There are many provisions in the 500-page-plus Higher Ed Reauthorization bill that are expected to increase college costs and student loan debt burdens by essentially reducing the government’s role in college loan programs as well as government oversight of school policies, especially for-profit institutions, while simultaneously increasing federal loan limits. On the flip side, there are also some items that would simplify the college loan process and provide students and families with additional information about a school’s enrollment and the average debt and salaries of graduates five and 10 years after graduation.
Here are several key provisions for federal student loan programs that would impact students, based on analysis of the bill by financial aid expert Mark Kantrowitz, the American Council on Education and Jessica Thompson, policy and research director at the Institute for College Access and Success.
- Creation of a new federal ONE loan, which replaces many existing federal college loans.
- Elimination of government-subsidized loans for undergraduates. Interest would accrue while the student is attending school, which is not the case currently. The result is more debt to pay back. Also eliminated: the Federal Perkins Loan and Federal Grad PLUS Loan, but a $300 bonus is available for Pell Grant recipients taking at least 30 credit hours through the first two semesters.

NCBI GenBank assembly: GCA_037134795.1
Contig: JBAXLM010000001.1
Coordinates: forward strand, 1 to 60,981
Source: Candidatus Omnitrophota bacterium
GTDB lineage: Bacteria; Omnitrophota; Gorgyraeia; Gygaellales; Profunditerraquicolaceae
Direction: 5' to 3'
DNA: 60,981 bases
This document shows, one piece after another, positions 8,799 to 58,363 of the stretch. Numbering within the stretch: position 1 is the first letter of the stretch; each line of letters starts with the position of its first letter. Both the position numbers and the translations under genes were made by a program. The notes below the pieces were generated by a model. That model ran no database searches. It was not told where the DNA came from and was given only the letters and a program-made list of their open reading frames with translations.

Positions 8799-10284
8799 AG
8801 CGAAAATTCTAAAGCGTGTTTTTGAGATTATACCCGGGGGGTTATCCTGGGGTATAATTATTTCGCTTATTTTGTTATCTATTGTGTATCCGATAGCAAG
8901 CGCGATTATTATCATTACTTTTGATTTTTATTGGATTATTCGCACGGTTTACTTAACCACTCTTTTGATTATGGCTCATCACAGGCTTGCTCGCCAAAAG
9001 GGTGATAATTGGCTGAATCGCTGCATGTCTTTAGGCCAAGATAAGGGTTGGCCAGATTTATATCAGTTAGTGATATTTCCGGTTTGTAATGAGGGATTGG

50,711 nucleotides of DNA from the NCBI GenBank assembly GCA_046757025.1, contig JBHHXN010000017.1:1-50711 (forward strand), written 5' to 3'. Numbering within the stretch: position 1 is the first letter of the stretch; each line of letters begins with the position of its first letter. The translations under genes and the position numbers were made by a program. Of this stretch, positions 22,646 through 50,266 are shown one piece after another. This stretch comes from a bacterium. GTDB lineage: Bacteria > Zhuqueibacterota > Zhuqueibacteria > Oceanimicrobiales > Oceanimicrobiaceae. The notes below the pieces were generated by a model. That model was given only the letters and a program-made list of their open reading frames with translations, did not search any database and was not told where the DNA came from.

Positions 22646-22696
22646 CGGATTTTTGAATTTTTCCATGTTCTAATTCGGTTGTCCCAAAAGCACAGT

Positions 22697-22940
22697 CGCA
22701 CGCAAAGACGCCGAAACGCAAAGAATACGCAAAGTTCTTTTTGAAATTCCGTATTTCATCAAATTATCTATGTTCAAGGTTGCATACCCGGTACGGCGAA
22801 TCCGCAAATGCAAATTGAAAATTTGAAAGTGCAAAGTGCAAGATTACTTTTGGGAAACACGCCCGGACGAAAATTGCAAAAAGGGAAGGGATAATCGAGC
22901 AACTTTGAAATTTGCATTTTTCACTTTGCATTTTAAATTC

- Repeal of the public service loan forgiveness program, which is available to graduates employed in a qualifying public service jobs (in government or certain nonprofits) so long as they make 120 on-time monthly payments on their loan.
- Consolidation of repayment options from several to just two — a standard 10-year repayment option and an income-based repayment (IBR) option, which is more restrictive than current options.
- The new IBR options requires payment of 15% of discretionary income until the loan is repaid in full, including interest. Current repayment plans tied to income — Income-Based Repayment (IBR), Income-Contingent Repayment (ICR) and Pay as You Earn (PAYE and REPAYE) cap interest payments at either 10% or 15% and forgive the loan after 20 or 25 years.
- Elimination of the Teacher Education Assistance for College and Higher Education (TEACH) Grant Program, which provides grants of up to $4,000 per year to students who agree to teach for four years at an elementary school, secondary school or educational service agency that serves students from low-income families.
- Loss of federal work-study eligibility for graduate students
- A cap on federal loans for graduate students at $28,500 annually, where no cap currently exists. The limit could drive grad students into the private student loan market, which generally carries higher rates than the federal loan market.
- Elimination of the Cohort Default Rate (CDR), which measures the share of federal student loan borrowers who default within a specified period of time at individual colleges. If a college has high CDR, it may lose future eligibility for federal grants and loans.
The bill also does away with policies designed to protect students and their families against potential fraud by for-profit colleges, by: